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Template Program Status

Transcript: DMD Marketing | Carin Slater Template Program Current Program Current Templates Current Template program covers hospitals and recruitment clients, as these markets have less rigid requirements, smaller marketing budgets, and less experience in email. Newsletters Newsletter Templates CME CME Templates Recruiters Recruiter Templates Plans for Current Program Going Forward 6 templates for each group New templates based on customer input Already started, different templates are in different stages of completion Introduce practice of having a kick off call with client When, What, and Who Problems with Current Program Problems Clients want more flexibility with template layout Managing client expectations Clients want options for one off templates What can we do? Solutions Introduce semi-custom templates Pros of semi-custom templates Individual blocks that companies can use to build their own template layout Clients can create unique template layouts Based on current modular templates No new build time for us Cost built in No more adding costs based on creative team's time when customizing template Clients will be able to create one off templates or templates that can be used outside of what the main purpose would be for the template. Why it's gonna be good Cons of semi-custom templates Will require new documentation to be created Will require new implementation practices to be learned Set up will take longer and will require more initial input from client Clients will still not be able to change the layout between sends Will cost more Sticky points Q&A Q A & What next steps are required? Sales Account Management Email Team Questions for me?

Status Presentation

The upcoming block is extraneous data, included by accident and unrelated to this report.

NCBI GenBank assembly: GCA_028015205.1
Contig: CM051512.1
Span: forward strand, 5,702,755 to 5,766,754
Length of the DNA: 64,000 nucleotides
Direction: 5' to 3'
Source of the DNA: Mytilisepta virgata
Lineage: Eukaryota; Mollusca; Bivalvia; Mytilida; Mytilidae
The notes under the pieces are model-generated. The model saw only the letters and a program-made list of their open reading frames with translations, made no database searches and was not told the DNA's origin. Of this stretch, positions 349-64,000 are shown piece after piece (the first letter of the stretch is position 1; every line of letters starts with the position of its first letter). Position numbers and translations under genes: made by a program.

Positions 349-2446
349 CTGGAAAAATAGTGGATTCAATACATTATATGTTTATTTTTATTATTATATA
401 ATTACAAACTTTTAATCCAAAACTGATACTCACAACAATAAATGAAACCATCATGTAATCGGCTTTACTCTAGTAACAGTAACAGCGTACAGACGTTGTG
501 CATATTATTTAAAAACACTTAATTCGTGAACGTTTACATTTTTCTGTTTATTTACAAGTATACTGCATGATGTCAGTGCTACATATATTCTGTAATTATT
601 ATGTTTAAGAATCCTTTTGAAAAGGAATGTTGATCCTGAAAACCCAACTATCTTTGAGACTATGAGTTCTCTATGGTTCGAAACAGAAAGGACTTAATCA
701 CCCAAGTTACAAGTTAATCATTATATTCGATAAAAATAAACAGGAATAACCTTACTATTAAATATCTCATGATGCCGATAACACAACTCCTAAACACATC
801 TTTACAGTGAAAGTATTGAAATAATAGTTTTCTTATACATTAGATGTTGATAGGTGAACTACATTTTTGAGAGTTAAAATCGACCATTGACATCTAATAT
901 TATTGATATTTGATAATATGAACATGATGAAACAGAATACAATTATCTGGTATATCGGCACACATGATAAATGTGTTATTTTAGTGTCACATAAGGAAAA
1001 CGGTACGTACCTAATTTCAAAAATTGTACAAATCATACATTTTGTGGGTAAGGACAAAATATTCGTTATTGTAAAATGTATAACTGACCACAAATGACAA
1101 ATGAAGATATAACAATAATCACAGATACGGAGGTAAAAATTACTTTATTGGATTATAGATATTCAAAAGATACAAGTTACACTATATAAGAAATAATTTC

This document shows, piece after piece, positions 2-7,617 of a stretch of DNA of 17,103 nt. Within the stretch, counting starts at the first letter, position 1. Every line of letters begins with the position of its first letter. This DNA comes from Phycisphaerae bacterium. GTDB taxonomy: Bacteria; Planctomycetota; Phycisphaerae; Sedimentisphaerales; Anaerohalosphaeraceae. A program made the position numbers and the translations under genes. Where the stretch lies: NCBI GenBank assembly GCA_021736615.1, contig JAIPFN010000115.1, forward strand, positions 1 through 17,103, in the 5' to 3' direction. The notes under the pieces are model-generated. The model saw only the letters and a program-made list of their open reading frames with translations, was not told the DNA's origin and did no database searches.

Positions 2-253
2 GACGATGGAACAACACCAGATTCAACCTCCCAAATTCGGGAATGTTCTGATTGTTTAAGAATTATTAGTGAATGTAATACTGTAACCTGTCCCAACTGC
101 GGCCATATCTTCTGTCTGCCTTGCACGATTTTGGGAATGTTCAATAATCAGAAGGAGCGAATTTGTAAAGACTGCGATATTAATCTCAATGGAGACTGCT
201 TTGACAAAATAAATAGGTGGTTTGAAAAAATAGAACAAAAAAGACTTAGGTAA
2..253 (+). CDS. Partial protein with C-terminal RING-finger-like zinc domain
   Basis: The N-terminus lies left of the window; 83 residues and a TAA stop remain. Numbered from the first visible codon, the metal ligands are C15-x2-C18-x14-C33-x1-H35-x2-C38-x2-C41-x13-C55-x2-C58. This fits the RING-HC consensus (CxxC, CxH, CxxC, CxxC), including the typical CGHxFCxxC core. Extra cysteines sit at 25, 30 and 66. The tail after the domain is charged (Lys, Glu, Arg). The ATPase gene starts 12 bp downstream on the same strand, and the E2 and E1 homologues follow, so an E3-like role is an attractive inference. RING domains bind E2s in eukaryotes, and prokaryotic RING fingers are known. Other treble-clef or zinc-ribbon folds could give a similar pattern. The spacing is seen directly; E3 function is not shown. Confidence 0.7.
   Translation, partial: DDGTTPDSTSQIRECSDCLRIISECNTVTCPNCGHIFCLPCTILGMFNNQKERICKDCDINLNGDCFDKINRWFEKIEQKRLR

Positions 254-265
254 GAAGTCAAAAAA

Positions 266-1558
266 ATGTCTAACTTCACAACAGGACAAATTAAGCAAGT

Transcript: What is Status? Presentors: Samantha Pudsey, Nicole Townsend, Matt Barlow, Kathleen Harris, Dylan Yates Owen "Indian" status is the legal term designated to Indigenous Peoples that fit strict criteria outlined by the Canadian Government. Legal Definition Differing Definitions It has nothing to do with an individuals traditions, heritage, culture, way of life, or ancestry. (past 2 generations) Indigenous People are allowed to do as they please on their reserves. Indigenous People receive free housing within their community. Indigenous People do not have to pay for taxes. Residention schools are "ancient history" Missing/Murdered Indigenous women brought it upon themselves. Myths Myths about status 1 How Status is passed 2 Generation of status 6 (1), 6(2) and no status are the types of status a person can have. These designations and views are based on a government idea of blood quantum that determines a person's status essentially through the percentage of "aboriginal DNA that they have" Two generations of marriage to someone without status and from that point on no one in your family line will have status according to the government regardless of the environment or culture where they are raised The concept of status is not universally agreed upon to be positive among Indigenous people Some viewpoints see status as a way of controlling indigenous populations while others view status with pride as part of their identity There are too many viewpoints on status to begin to address Concerns address a variety of topics such as: the entire concept, how status is implemented/determined, whether it legitimizes colonial powers Views on Status 2 sides, good + the bad 3 There is not one form of status in Canada First Nations, Aboriginal and Metis Status are distinct with their own documentation, cards and requirements to gain status These different statuses in Canada are granted differing benefits Types of Status Types of Status How The goverment views Status The Canadian government defines status from a legal position in relation to what people are entitled to receive from the government. Bill C-31 changed who has status as well as how status is passed Indian Act 1 The 1867 Indian Act collected various bills and acts of parliament and established the new relationship between the government and native people after the 1763 Royal Proclamation marking Indigenous people as a distinct society with autonomous governence. Effects of the Indian Act Early 1850's was the first time the government attempted a formal definition of the word Indian Decision making on definition controlled by government, not indigenous communities Late 1850's Enfranchisement process begins where indigenous people could choose to lose their status and become "civilized" Multiple requirements and was considered a positive by the government and a goal to strive towards “Our Indian legislation generally rests on the principle, that the aborigines are to be kept in a condition of tutelage and treated as wards or children of the State. …the true interests of the aborigines and of the State alike require that every effort should be made to aid the Red man in lifting himself out of his condition of tutelage and dependence, and that is clearly our wisdom and our duty, through education and every other means, to prepare him for a higher civilization by encouraging him to assume the privileges and responsibilities of full citizenship.” (Report of the Royal Commission on Aboriginal Peoples, 1996) From an annual report in 1876 after the passing of the Indian Act People who lost status under the Indian Act: Women who married men without status Their Children People with university degrees Doctors Lawyers Clergy People under the "Double-mother rule" Indian Act Prior to Bill C-31 Indian Act Prior to Bill C-31 1951 Registry created based on male lineage 1961 Compulsary Enfranchisement rules removed from Indian Act 1969 Introduction of the "White Paper" Bill C-31 2 Bill C-31 Bill C-31 attempted to introduce legislation that would deal with sexism inherent in the way status was passed to future generations. The Indian Act was laid out in a way that was more controlling towards women and made it more difficult for women in particular to maintain status. If a man with status married a woman without status then that women would automatically have status and so would any children resulting from that marriage. If a woman with status married a man without status then the woman would automatically lose status and so would any of her children. Impact of Bill C-31 3 Bill C-31 returned status to women who lost their status due to marriage and removed the "double mother rule" It also allowed the aboriginal community to have influence over band membership, but no legal power to define status How Bill C-31 Changed Status Bill